Homebrewing Tips Given by The Top Brewmasters in the Country
Social media has helped the common folk interact with celebrities, politicians and athletes unlike never before. Well, at Beer Maverick, our celebrities include the brew masters from some of our favorite breweries. Trillium, Monkish, Russian River, New Belgium, The Alchemist and others. These masters at their craft have occasionally shared some of their tips with us homebrewers through social media or interviews.
We’ve gathered the best examples of these tips for you!
Trillium Brewing #1
Trillium replies to Ken’s tweet below with some awesome tips. They suggest to mash low (150° F), add 90% of the hops late or dry, and to dry hop under pressure inside a corny keg. They also discuss changing the grain bill, with Trillium suggesting to use about 4% British Light Crystal malt (C15 to C20). Whoever runs Trillium social media account also mentions that about 20% of Ken’s 2-row base should be swapped for wheat malt.
You can read the full thread here.
Trillium Brewing #2
JC Tetreault, founder of Trillium popped up on a BeerAdvocate thread back in 2014 and gives tips about transferring your beer from a fermenter into a corny keg. In addition to recommending the use of a conical fermenter, he tells the forum to “make sure [the] receiving corny has been purged with CO2 and has bagged hops weighed down … to make sure the bag stays submerged. Slowly vent gas on corny to allow beer to flow in from carboy, leaving trub and yeast cake behind.”
JC also talks about transferring to the corny keg just as the krausen is falling so there’s still some yeast activity going on for biotransformation and oxygen scrubbing. He suggests purging the headspace a few times w/CO2, then put a few PSI head pressure on your keg, then holding at ~62-64° F for 4-5 days, then drop it to ~34-35° F. He says to not keep the beer any colder than that, saying “you want to keep those delicate hop aromatics/flavor compounds in suspension!”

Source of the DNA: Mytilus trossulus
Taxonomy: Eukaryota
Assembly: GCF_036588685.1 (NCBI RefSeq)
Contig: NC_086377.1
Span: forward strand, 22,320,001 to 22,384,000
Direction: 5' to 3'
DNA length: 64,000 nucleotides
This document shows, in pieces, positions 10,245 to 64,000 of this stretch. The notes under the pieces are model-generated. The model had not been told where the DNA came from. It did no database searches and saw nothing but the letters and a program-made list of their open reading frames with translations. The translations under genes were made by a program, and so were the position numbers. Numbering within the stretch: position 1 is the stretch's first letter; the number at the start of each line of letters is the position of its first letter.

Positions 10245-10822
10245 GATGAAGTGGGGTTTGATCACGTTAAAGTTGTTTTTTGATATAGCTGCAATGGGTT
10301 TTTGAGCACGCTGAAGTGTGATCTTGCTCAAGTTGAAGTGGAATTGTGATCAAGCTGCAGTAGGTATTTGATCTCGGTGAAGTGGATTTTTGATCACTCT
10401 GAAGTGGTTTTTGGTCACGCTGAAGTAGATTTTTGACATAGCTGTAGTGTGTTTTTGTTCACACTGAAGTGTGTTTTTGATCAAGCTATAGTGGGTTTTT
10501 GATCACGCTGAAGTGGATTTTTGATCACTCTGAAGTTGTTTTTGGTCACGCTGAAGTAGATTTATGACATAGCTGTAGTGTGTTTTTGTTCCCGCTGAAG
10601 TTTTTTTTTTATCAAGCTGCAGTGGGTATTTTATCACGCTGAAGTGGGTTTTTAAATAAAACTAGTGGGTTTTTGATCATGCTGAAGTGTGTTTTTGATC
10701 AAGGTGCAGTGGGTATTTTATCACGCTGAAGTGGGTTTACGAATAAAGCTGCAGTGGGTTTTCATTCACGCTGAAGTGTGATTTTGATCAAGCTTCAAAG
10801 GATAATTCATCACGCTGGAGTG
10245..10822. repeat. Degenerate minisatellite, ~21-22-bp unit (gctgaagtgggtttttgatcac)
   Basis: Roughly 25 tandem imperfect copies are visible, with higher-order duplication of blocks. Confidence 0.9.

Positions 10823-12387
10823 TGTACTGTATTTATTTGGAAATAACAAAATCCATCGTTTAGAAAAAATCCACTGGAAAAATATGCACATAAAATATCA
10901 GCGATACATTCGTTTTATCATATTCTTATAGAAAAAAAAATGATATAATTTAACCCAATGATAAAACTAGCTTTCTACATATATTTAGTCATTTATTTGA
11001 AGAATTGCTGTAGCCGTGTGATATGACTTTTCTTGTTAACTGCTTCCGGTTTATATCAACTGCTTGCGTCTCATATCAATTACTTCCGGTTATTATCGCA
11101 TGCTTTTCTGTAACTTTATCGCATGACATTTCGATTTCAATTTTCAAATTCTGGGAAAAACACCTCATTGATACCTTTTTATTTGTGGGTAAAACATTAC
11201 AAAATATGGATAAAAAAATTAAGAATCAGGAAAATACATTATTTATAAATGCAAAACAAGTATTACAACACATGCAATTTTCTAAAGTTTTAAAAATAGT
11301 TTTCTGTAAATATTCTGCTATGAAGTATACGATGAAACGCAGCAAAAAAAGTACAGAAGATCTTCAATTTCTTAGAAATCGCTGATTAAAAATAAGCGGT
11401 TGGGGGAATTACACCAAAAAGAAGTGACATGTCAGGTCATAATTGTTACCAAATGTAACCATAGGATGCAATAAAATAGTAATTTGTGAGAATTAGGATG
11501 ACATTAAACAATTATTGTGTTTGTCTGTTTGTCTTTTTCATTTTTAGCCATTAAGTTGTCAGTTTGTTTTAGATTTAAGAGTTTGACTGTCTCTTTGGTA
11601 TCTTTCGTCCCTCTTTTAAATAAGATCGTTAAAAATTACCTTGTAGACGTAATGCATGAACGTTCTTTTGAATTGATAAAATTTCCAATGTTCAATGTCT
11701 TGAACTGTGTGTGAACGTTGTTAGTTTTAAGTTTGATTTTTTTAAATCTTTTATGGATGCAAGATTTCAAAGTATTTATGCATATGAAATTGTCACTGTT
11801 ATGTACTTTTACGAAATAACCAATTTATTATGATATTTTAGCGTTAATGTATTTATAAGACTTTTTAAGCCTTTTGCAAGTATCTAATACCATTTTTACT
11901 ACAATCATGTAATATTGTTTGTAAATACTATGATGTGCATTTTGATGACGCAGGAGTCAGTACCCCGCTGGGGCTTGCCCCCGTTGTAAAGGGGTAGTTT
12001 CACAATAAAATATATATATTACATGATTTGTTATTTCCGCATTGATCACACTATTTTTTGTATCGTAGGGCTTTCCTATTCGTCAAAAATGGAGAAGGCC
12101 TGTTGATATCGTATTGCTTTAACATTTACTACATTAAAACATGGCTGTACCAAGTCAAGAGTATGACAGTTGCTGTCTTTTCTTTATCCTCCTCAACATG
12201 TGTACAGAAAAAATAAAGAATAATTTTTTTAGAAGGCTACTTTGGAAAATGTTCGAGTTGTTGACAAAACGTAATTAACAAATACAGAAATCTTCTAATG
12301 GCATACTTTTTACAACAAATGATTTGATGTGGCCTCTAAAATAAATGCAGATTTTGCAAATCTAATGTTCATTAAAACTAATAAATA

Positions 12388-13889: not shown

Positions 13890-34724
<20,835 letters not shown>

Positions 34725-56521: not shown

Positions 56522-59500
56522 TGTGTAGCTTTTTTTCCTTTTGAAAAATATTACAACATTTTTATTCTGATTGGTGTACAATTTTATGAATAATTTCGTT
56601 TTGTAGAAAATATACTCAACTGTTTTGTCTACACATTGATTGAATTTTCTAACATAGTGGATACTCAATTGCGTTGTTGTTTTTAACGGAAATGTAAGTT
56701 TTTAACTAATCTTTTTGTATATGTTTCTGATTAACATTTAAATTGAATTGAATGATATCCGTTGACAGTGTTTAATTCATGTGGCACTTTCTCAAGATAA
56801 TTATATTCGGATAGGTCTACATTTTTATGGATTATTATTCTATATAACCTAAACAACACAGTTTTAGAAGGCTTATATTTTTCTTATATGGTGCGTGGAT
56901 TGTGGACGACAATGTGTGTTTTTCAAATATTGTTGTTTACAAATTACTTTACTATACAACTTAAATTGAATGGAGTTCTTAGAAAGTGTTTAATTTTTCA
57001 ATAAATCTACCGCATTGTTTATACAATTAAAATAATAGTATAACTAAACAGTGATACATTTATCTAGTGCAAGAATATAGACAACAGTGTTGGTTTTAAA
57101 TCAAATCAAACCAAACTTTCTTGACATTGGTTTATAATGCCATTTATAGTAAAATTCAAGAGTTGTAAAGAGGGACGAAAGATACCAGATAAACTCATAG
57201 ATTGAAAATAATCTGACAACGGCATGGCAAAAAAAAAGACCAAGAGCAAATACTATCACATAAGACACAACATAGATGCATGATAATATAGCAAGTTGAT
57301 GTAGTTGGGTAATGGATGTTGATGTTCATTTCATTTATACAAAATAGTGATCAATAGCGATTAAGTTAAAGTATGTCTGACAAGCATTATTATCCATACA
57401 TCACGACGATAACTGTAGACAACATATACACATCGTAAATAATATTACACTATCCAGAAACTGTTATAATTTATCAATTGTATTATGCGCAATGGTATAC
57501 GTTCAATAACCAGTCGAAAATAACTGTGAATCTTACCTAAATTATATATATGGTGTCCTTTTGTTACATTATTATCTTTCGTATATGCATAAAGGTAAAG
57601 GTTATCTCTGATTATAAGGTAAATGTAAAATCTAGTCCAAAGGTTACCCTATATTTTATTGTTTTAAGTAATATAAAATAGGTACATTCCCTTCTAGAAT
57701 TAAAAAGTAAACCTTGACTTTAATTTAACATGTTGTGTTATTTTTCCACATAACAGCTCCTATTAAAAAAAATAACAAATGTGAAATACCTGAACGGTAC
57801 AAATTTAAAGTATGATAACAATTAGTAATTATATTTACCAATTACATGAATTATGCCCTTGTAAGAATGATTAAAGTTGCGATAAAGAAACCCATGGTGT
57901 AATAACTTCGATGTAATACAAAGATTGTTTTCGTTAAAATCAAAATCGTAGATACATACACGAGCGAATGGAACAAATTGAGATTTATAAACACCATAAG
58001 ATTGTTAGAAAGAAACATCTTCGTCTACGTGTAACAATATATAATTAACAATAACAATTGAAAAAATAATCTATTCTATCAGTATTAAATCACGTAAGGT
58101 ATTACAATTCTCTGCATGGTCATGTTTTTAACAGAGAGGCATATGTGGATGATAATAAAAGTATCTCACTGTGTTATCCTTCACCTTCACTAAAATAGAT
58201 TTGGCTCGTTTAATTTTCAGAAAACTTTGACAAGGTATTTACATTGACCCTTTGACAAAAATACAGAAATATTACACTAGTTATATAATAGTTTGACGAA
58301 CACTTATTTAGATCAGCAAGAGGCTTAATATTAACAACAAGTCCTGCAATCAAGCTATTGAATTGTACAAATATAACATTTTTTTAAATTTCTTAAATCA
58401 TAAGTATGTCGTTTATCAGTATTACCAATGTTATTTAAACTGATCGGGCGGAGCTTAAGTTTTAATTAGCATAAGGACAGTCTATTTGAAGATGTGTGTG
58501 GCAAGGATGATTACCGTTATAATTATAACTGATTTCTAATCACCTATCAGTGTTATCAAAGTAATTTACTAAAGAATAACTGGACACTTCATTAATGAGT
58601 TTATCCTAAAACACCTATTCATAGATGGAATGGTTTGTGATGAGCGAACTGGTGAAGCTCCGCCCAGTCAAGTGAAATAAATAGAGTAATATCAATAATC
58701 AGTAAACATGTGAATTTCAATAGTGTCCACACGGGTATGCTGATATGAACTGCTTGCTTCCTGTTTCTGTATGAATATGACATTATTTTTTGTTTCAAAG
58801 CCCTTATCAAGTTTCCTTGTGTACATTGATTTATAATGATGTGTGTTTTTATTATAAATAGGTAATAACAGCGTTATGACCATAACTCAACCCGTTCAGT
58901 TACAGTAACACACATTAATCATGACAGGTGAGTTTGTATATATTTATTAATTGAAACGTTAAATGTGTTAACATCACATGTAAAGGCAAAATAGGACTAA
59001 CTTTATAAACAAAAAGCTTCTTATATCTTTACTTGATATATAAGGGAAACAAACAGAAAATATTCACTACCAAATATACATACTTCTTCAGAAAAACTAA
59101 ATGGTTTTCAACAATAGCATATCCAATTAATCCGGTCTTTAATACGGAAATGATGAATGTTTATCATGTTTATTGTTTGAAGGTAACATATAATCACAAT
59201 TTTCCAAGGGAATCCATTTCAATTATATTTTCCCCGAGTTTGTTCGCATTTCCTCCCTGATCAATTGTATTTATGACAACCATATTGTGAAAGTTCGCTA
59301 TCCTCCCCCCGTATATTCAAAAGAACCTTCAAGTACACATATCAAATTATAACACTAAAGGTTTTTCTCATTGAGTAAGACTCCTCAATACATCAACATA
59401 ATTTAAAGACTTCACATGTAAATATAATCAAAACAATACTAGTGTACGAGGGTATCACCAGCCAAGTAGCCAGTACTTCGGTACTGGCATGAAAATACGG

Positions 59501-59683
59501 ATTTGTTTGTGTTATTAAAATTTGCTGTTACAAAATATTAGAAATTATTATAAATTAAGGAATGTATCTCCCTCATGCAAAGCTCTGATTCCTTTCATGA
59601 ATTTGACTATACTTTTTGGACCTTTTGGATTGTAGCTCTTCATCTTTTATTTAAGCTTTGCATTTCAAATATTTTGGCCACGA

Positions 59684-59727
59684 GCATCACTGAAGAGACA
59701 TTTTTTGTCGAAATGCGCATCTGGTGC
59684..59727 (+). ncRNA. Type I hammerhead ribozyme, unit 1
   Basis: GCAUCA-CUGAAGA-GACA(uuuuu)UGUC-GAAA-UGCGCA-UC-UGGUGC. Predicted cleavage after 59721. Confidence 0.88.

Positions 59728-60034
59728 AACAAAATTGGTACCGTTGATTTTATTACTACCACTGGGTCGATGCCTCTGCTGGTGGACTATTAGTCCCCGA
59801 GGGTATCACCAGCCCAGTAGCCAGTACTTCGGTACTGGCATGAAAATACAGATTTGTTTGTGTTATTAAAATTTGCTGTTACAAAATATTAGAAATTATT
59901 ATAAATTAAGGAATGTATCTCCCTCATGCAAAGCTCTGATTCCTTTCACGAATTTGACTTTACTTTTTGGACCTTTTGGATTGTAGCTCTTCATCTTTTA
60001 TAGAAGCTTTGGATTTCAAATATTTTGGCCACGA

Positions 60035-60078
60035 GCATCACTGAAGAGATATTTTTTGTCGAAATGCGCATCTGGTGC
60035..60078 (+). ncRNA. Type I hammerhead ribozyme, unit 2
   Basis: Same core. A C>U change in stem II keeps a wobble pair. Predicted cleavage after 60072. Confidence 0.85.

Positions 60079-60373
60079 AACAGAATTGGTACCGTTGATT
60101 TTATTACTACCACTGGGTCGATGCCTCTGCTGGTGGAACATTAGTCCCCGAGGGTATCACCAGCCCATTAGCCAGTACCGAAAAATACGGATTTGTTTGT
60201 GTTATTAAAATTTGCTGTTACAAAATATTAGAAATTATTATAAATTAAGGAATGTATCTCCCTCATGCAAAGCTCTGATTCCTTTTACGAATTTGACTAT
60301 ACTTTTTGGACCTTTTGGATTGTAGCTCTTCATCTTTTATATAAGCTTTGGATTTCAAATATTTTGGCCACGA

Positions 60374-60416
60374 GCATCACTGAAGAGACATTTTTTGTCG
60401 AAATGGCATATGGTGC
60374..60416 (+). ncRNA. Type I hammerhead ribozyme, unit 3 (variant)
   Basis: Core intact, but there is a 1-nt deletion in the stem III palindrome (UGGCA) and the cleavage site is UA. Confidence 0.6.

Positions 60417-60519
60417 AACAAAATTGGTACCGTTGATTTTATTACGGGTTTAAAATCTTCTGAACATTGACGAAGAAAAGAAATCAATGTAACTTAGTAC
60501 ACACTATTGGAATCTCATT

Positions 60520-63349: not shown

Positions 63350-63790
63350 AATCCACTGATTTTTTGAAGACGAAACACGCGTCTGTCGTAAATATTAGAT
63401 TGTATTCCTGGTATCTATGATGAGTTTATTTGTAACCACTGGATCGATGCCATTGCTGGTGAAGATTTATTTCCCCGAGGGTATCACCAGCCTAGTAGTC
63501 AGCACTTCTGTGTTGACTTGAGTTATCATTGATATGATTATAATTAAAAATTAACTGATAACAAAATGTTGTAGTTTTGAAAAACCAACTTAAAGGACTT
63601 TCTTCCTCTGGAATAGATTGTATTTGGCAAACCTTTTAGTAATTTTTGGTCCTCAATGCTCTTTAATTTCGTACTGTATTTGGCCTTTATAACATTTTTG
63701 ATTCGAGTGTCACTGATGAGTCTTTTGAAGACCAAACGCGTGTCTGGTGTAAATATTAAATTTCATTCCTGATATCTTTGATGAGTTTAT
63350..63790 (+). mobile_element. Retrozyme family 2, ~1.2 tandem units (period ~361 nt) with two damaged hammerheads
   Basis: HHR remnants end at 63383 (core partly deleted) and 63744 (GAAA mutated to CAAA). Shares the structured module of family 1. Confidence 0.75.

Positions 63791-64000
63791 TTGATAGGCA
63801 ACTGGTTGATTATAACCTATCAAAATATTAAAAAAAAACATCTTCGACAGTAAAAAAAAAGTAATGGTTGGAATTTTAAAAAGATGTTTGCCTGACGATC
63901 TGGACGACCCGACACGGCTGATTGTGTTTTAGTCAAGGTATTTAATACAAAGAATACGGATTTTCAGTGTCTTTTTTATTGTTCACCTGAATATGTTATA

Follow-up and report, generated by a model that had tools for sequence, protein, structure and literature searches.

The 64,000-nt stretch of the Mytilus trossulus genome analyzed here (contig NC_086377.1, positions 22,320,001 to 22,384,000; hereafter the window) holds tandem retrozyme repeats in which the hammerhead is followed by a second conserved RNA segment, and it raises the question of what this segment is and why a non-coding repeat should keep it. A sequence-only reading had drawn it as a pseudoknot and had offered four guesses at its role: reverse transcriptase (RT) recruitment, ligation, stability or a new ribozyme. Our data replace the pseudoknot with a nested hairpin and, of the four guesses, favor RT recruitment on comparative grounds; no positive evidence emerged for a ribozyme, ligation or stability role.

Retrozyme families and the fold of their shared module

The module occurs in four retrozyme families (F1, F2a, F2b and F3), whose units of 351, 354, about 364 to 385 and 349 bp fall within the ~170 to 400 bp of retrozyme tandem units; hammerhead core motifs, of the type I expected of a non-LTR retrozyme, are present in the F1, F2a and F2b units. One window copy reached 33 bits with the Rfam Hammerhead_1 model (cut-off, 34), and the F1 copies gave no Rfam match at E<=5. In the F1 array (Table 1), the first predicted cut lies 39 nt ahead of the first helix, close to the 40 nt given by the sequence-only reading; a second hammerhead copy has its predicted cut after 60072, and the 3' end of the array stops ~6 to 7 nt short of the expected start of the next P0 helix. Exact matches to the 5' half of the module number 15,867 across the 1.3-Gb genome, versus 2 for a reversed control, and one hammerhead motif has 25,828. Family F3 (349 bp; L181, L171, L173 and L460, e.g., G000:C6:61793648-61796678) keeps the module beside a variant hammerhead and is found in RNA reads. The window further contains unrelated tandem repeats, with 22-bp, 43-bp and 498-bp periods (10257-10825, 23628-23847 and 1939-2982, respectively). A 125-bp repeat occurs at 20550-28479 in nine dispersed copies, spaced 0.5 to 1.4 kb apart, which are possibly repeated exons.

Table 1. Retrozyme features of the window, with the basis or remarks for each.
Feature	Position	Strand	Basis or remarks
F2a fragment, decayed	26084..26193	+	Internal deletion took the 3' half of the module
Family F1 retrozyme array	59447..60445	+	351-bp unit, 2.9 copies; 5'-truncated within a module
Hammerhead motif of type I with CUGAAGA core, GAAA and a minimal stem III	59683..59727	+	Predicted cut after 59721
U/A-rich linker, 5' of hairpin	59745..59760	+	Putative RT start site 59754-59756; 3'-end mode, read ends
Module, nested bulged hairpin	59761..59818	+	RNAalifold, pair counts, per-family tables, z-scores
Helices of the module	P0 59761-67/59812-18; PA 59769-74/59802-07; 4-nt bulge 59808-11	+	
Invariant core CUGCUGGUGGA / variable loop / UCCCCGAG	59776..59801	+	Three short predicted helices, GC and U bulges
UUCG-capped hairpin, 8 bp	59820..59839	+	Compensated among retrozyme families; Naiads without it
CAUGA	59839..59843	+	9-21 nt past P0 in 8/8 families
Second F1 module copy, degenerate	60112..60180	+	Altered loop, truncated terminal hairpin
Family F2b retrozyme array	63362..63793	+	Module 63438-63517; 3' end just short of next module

Russian River Brewing
Vinnie Cilurzo is the founder of Russian River Brewing. He wrote in the Homebrewer’s Association about his process for brewing his infamous Pliny the Elder double IPA. In the article he mentions that while using crystal malt will add flavor and body, too much will interfere with the hop character.
Vinnie also prefers to mash at 151° F, but that is to extract more fermentables and to create a lighter-bodied beer (remember, he brews a lot of West Coast IPAs, where the body should be lighter than a hazy version). However, he says “This is of course also a personal reference; if you want more body, raise your mash temperature.”
He also says that he uses the California Ale yeast strain for all his beers and that the optimal temperature for that strain is between 66-68° F. Any higher than that, he is afraid of diacetyl.
As for dry hopping, he says that after the second dry hop, he uses CO2 to push the first dry hop back into suspension, adding that homebrewers can simply swirl the carboy a bit to get the same effect.
Monkish Brewing cofounder Henry Nguyen talked with Beer and Brewing and discussed some tips for homebrewers.